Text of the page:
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What are the best Herbs for CFS/Leaky gut?

Discussion in 'Alternative Therapies' started by ChrisD, Jul 28, 2017.

  1. ChrisD

    ChrisD Senior Member

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    My latest venture into biohacking myself will be the herbal route as I have tried many other things, and feel that I may have an underlying infection hiding out somewhere in my body.

    I have used Boswellia, Ginger, Turmeric before for Joint pain and they seem to have worked to lower inflammation. I have used Milk Thistle when my liver function seemed to be really awful and that helped too.
    And I have tried Ginseng but I am not really sure if that did anything at all.

    Now I am looking towards herbs that can heal leaky gut and aid the HPA axis.

    But which Herbs have helped you most and in which area? and which ones were a waste of your time?
     
    MEMum likes this.
  2. arewenearlythereyet

    arewenearlythereyet Senior Member

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    Basil is my favourite ...especially on a tomato and Mozarella salad drizzled with olive oil. I especially like to mop up the juice with some homemade focaccia. Sorry couldn't resist :D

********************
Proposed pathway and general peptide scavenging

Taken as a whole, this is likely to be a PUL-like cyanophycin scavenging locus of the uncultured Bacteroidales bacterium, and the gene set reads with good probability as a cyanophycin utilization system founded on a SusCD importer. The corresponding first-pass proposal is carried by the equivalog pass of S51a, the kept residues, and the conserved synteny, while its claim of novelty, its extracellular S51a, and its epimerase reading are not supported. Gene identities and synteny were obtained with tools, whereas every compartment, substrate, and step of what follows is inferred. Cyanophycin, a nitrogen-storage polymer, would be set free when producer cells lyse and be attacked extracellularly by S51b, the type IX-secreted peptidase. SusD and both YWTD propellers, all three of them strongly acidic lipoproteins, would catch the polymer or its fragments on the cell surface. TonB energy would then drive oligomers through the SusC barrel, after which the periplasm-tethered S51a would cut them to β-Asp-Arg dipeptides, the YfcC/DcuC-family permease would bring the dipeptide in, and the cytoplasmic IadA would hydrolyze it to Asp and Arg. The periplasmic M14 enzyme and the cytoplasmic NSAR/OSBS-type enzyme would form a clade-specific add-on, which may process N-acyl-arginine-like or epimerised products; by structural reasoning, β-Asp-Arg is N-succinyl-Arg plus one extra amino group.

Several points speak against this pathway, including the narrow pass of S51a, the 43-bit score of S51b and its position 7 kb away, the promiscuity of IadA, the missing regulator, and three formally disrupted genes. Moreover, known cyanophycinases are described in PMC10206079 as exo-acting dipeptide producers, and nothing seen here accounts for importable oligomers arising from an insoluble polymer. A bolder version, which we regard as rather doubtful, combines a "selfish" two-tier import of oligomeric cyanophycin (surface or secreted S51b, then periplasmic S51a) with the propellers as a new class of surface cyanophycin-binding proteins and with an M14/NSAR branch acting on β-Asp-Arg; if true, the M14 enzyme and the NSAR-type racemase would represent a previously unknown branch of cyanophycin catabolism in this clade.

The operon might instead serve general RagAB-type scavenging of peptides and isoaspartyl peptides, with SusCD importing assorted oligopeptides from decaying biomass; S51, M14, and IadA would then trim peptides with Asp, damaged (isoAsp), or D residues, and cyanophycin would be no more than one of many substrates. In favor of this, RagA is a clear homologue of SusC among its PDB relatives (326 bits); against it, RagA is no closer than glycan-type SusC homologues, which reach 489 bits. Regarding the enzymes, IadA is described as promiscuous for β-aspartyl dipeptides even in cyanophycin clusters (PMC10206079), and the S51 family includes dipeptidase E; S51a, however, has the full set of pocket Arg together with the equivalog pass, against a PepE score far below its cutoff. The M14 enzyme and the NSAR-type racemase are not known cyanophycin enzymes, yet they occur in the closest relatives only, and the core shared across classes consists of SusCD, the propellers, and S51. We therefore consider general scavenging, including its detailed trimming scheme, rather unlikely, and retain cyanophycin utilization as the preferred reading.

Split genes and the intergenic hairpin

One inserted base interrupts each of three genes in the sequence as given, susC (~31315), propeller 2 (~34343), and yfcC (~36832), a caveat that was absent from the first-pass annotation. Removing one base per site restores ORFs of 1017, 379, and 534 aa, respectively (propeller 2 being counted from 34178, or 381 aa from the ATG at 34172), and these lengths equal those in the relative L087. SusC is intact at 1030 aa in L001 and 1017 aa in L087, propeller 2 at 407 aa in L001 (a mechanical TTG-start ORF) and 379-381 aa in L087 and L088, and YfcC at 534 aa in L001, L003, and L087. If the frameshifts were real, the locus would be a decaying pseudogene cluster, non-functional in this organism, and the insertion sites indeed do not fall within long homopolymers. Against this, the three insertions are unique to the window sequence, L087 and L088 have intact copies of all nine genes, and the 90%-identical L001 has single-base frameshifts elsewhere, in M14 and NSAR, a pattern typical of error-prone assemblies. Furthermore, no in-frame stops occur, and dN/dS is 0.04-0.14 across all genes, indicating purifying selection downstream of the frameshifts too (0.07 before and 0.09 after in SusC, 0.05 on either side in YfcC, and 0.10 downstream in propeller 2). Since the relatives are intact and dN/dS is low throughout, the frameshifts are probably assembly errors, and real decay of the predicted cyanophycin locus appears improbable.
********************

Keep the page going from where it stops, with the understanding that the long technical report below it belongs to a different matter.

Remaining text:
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  3. ChrisD

    ChrisD Senior Member

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  4. arewenearlythereyet

    arewenearlythereyet Senior Member

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    After extensive research I've found basil definitely the best (ripped not chopped) Greek basil at a push :)

    Regarding gut, I can't open the link but remember reading that oil of oregano has been quoted quite a bit along with coconut (although not a herb) I've never tried anything other than coconut oil and this pretty much did nothing other than make everything taste of coconut ( I really must throw that old jar out from the back of my fridge...it's probably as rancid as hell by now).

    I think there are a lot of different regimes out there but they are all quite food faith/lifestyle based and pretty free and easy quoting pseudo science from memory (all quite theoretical and sometimes contradictory). My gut issues were massively improved by reducing carbs (<150g per day) in my diet so I never experimented further. I'm sure having high doses of b12 and folate have also helped symptoms somewhat. Unfortunately I still have ME/CFS though :grumpy:.